Performers’ Insights into this is not natural [transfiguration]

Does the slow body movement result in slower heart rates, slower rates of blinking, and/or other retardations of the biomechanical infrastructure? If so, how do changes in those parameters of performance affect one’s perception, organization and production of sonic events?



I did pay some attention to my heart rate, but I don’t remember it slowing down particularly. It takes quite a lot of energy to move in slow motion and holding the double-bass required additional energy and concentration. I’m not aware of a slower rate of blinking – I’m not sure I blinked much in any of the iterations.


Sonically, I had an aim: to reproduce in slow motion the sustained sound I had produced in ‘real’ time but I was too unfamiliar with the instrument to know what I needed to do to achieve that. The effect was something like a film jumping between frames rather than being played at the correct speed. The slow motion flow of my arm and bow met the resistance of the strings. In order to increase the flow I had to reduce the connection with the strings, but if I did that too much I made too little sound. If it was only reproducing the movement there would have been no problem, but because I was trying to get the intensity of my earlier sound in slow motion there was an ongoing negotiation between flow and resistance that resulted in some choppy sounds – and some near inaudible ones.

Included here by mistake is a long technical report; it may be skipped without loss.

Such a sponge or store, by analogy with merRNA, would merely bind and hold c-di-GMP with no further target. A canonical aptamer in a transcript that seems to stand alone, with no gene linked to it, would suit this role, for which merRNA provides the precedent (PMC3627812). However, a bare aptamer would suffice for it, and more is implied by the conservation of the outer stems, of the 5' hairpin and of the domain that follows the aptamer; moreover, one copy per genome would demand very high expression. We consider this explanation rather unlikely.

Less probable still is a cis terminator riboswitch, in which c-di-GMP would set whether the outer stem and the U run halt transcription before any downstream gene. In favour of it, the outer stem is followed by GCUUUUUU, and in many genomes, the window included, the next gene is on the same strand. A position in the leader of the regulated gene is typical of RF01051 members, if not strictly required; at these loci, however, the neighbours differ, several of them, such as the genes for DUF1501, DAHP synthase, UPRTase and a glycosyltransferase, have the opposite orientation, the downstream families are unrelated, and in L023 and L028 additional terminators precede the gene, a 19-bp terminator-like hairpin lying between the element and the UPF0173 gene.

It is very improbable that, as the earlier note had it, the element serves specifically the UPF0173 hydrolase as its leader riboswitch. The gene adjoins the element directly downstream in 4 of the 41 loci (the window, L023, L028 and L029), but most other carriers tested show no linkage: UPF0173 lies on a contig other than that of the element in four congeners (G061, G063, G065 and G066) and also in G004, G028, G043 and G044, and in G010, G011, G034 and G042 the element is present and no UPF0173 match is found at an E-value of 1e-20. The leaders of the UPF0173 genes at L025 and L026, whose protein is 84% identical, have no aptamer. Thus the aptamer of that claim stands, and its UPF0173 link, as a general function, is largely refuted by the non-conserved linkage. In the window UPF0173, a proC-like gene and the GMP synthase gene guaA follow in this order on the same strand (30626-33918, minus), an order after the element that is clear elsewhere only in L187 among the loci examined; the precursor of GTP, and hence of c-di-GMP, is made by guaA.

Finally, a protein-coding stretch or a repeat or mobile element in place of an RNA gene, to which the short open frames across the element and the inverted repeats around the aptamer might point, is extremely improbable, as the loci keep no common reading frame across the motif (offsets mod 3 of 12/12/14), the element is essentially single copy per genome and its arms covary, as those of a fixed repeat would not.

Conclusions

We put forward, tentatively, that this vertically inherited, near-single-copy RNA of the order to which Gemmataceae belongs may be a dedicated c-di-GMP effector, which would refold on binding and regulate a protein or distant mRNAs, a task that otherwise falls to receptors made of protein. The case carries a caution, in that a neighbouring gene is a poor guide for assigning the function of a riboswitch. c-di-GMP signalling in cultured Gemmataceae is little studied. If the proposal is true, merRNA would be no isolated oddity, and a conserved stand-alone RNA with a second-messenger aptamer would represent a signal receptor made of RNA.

I think this ties in with my earlier comment that slow motion has the effect of dilating one’s experience of time and space, so when producing sonic events there is a nice attunement to the reverberation of sound – the piano pedal was a bit of a gift here as it enabled me to (literally) sit in the sound as it continued to ripple through the time/space dimension.


I could not say for sure, but at times I wonder if the opposite is true. In order to realise these slow movements there are times when I feel like I am under more rather than less, mental and physical stress. We would need to set up some biomedical testing to verify this.

Slowing down our actions not only extends the duration of each “sonic event”, it also seems to affect the way we play our instruments in terms of technique (how we make contact with, attack, sustain, break contact with our instruments). This might be different in the case of more experienced players. But to some degree the slowing of action will unavoidably affect the types of sound that we produce (this may be most apparent in the double bass as it relies on friction to produce its sound).